On a recent jaunt up into the Smoky Mountains for morning hike, I noticed several signs along the roadside. Obviously, there were the signs that pointed to important points of interests, various hiking trails and sites, as well as directional signs to get travelers back to wherever they came from. And then there were these signs:
Each time we passed one, it was as if the sign was calling my name, beckoning me to come spend some time in quiet. It was as if my heart longed to simply walk a path and enjoy stillness. Although, I was about to hike a trail with my husband, something about this simple sign was alluring. We never stopped to take a look-see at what stillness was to be experience on such a walkway. Still, I can’t shake the simple entreaty that this sign promised.
I know the feeling of traveling life’s road and needing a moment to get out of the car and just escape down a quiet path. How many times, though, have I ignored that need? How many times did I ignore the Voice that suggested I take a moment and rest?
These days I’m learning to stop the car and head down the quiet walkway. Although I haven’t visited one here in the Smokies, I have made a routine of taking time for myself, for seeking some silence. In a world where technology makes it nearly impossible to disappear for any length of time, we must vigilant in finding time to be still, to be quiet. The constant noise of the world drowns out the voices we need to hear. The voice of God, obviously, grows soft in the midst of worldly chatter, but also other voices that need us to hear them.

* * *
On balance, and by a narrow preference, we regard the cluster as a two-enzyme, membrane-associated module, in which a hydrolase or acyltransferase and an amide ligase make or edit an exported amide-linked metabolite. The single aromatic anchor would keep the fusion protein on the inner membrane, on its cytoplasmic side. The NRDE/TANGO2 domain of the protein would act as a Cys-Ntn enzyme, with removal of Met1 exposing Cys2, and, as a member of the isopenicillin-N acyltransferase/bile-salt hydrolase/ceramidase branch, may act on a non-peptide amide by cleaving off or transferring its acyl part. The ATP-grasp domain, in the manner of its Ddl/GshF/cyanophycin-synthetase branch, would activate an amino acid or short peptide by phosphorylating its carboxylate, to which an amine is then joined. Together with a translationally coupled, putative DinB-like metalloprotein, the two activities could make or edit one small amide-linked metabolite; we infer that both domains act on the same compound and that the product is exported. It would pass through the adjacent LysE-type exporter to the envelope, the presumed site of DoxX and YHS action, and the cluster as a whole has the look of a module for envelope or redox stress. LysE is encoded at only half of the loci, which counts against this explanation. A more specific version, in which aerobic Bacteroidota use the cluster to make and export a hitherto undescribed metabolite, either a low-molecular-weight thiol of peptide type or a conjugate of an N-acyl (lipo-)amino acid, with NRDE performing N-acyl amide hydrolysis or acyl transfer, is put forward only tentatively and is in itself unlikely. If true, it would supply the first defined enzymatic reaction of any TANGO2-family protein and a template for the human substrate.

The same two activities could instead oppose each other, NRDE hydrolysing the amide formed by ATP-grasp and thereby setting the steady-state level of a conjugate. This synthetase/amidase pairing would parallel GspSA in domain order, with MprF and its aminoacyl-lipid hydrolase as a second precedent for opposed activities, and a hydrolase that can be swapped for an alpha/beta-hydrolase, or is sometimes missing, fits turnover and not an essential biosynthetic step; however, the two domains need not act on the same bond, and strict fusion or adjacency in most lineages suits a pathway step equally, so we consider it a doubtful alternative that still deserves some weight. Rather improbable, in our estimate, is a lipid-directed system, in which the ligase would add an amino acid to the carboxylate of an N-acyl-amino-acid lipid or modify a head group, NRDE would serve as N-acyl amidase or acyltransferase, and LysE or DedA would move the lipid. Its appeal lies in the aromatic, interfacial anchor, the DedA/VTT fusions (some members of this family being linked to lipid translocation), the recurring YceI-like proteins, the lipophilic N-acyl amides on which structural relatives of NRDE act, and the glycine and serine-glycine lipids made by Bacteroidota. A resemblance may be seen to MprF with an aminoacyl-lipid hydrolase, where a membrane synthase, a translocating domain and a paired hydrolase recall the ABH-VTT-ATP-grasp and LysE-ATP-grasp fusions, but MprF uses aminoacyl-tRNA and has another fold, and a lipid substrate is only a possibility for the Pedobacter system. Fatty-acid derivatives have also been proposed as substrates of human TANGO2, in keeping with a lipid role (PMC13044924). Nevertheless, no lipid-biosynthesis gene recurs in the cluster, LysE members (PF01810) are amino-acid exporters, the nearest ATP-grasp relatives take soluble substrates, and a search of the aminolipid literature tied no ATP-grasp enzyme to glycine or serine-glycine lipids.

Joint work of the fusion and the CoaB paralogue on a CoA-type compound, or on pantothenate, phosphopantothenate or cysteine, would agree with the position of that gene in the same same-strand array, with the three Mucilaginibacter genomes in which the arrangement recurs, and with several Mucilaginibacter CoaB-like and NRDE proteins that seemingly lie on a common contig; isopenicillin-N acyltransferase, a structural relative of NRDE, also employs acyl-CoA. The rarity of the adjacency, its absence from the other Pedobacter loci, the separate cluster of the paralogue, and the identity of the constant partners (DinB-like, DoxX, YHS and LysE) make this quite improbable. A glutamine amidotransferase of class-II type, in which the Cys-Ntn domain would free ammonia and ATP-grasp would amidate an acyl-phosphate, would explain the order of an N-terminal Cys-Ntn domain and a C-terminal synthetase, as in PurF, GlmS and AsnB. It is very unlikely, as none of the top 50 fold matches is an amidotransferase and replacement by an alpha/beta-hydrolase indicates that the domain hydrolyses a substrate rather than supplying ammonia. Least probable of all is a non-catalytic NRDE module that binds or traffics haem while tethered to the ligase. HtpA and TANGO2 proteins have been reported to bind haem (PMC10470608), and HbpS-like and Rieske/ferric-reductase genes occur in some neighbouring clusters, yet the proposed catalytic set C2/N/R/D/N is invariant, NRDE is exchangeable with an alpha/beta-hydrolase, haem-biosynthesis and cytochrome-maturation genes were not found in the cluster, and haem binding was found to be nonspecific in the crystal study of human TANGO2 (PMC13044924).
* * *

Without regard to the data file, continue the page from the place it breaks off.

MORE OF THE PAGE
When was the last time we stopped to ponder a conversation with a family member: a child, spouse, mother, or father? Maybe we had a chat with a friend that still haunts us on some level because we sensed something wasn’t quite right. Or just maybe, our bodies are asking us for a little silence – for a chance to let our brains rest, to be without responsibilities, music, and conversations.
In taking time for “Quiet Walkways” we allow ourselves a chance to truly find answers and peace in the silence. We find truth in silence, too. Sometimes it’s a truth we don’t want to hear, but the silence can allow us to both hear it and accept it.
So how do we take these hushed detours? We get intentional! Begin now looking for a place that can become your quiet walkway. It could be a nearby park, nature trail, or simply the chair on your front porch. Schedule a time to “walk the trail” and then keep it. Finally, turn off the phone and music and just listen. Don’t try to come up with answers to problems, just enjoy the silence.
And if God’s voice so chooses to whisper in that silence – keep your lips sealed, so you can hear what He has to say.
Where do you find “quiet walkways” in your life?